4. I spend a lot of time looking around garden centres and I still wasn’t aware of some of the changes you mentioned! They may have had something I was looking for and couldn’t find but it may have been under a different name. Can’t really argue with DANA but how ironic that there are now several Latin names in use for certain plants, when the idea of using Latin was to avoid confusion over use of local variations and common names!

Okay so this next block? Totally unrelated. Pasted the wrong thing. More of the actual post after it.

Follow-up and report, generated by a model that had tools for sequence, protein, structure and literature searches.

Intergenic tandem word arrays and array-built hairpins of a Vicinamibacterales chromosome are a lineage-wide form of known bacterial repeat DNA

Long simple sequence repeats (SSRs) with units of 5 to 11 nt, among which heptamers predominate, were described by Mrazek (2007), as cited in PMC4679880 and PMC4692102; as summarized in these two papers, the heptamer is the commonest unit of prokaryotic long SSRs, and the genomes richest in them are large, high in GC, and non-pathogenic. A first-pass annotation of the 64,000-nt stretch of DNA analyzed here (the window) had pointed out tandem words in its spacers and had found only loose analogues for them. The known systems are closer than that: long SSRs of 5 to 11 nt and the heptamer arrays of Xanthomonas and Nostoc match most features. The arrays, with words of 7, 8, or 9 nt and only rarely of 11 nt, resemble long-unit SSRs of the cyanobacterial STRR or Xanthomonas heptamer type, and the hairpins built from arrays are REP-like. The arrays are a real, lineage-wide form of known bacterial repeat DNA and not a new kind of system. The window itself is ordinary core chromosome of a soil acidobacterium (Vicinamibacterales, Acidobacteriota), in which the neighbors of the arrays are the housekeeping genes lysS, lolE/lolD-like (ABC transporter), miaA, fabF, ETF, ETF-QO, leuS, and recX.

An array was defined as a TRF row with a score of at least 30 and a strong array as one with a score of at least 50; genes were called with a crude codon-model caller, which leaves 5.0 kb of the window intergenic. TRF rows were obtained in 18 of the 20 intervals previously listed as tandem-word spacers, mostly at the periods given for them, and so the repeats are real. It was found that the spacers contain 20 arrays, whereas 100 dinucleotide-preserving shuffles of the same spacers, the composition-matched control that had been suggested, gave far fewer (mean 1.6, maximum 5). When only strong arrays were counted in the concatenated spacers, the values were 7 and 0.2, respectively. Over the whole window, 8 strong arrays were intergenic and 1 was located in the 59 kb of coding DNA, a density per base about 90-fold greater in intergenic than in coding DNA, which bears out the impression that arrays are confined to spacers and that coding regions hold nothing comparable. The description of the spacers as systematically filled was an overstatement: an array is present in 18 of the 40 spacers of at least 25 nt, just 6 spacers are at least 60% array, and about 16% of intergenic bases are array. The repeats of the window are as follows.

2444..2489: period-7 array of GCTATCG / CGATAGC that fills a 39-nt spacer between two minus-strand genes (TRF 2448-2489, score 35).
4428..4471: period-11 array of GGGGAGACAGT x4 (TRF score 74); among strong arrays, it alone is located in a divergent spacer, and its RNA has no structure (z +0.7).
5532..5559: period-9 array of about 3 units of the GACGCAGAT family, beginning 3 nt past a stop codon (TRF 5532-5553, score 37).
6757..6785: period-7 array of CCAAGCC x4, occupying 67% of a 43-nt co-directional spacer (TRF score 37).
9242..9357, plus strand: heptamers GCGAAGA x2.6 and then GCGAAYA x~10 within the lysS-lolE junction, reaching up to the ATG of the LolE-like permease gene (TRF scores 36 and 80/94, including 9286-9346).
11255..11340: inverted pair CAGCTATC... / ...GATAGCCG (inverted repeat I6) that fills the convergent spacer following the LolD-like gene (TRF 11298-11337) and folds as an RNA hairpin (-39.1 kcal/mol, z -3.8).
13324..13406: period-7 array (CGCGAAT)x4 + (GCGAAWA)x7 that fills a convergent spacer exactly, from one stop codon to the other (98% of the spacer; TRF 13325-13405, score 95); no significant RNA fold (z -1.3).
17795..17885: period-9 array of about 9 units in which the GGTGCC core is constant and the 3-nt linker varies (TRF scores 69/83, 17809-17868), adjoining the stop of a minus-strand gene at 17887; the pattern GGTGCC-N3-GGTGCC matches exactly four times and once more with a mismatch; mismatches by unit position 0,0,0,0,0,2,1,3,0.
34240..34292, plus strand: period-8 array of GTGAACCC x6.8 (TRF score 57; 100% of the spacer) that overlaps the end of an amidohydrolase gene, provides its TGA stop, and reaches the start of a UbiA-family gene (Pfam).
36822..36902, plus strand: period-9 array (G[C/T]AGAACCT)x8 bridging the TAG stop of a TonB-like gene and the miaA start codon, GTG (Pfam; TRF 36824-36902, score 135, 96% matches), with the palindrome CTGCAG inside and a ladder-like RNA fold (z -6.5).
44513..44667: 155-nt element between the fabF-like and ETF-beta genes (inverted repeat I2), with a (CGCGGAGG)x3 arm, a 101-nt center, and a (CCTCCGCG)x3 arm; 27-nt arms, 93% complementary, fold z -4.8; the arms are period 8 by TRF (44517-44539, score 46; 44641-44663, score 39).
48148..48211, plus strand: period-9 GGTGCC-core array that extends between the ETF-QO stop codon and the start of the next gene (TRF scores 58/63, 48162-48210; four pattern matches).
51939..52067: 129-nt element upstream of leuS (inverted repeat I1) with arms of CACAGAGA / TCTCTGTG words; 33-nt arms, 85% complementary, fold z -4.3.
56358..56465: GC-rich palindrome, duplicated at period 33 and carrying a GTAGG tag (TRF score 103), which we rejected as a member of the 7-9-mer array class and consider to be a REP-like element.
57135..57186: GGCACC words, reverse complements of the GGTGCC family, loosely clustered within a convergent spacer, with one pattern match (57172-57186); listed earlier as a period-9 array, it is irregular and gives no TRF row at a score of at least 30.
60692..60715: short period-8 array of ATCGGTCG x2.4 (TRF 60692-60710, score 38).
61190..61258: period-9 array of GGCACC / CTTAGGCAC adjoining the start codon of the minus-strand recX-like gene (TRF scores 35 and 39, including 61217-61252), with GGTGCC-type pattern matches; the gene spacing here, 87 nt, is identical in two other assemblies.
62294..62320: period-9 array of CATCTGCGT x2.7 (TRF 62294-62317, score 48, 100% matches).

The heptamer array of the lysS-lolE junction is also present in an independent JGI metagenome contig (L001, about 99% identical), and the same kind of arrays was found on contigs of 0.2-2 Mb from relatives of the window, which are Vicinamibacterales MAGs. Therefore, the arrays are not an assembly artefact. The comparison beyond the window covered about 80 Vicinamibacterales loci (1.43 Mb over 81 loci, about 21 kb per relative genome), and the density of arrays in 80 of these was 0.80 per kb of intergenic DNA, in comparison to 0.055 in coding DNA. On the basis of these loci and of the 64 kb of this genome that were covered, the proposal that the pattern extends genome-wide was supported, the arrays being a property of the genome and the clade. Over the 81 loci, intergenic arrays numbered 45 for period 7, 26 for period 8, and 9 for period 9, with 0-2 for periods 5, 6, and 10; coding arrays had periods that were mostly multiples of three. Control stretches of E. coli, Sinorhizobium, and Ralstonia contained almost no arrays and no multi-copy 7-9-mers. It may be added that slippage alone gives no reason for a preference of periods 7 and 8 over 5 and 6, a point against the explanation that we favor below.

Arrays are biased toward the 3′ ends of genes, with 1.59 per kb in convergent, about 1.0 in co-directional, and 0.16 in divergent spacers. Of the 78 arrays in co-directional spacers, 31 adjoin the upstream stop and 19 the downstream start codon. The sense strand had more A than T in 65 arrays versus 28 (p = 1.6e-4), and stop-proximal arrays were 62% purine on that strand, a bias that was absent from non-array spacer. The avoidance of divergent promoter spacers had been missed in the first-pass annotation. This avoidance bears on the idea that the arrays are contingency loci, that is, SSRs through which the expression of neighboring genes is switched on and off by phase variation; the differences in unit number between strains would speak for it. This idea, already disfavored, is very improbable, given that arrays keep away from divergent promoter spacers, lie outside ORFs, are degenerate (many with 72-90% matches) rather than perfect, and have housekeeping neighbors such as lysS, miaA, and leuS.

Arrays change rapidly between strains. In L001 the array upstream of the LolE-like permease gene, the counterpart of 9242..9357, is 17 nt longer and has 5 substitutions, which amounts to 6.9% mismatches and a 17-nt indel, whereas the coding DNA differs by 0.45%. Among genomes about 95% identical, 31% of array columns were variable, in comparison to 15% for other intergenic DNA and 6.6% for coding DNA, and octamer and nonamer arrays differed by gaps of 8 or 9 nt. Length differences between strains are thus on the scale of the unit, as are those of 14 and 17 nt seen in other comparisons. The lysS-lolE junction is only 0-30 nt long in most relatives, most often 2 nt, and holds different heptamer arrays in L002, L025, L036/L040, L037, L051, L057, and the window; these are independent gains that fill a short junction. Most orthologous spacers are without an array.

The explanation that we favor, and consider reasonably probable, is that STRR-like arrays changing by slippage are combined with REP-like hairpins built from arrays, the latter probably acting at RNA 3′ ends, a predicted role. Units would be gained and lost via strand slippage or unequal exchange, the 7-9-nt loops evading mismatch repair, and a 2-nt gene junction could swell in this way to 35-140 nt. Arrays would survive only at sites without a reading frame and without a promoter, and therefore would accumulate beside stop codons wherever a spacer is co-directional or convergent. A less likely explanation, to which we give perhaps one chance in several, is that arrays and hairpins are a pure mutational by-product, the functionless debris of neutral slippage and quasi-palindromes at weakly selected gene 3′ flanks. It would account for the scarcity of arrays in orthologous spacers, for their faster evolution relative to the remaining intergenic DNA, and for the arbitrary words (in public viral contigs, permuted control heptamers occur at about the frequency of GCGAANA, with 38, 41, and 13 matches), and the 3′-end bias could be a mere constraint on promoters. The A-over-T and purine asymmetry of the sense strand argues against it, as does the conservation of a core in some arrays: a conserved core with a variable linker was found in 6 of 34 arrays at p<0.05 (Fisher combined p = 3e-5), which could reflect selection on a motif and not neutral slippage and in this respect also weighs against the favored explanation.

1. thomashort says:

      That’s the frustrating part isn’t Paul, Latin names themselves have come confusing!

  5. tonytomeo says:

    Goodness, thank you for saying so! Sequoia and Sequoiadendron; one is a redwood and the other is a redwood tree. . . just so you know.

    1. thomashort says:

      Lol don’t confuse me any more it’s bad enough with western red cedar not being a cedar

      1. tonytomeo says:

        Ha! and Douglas fir being a false-false red cedar!

  6. Rosalind says:

    YIKES ” like Iris possibly being spilt into 18 different names” where can I read more about this? – I am an Iris collection holder and somehow have missed this tit bit!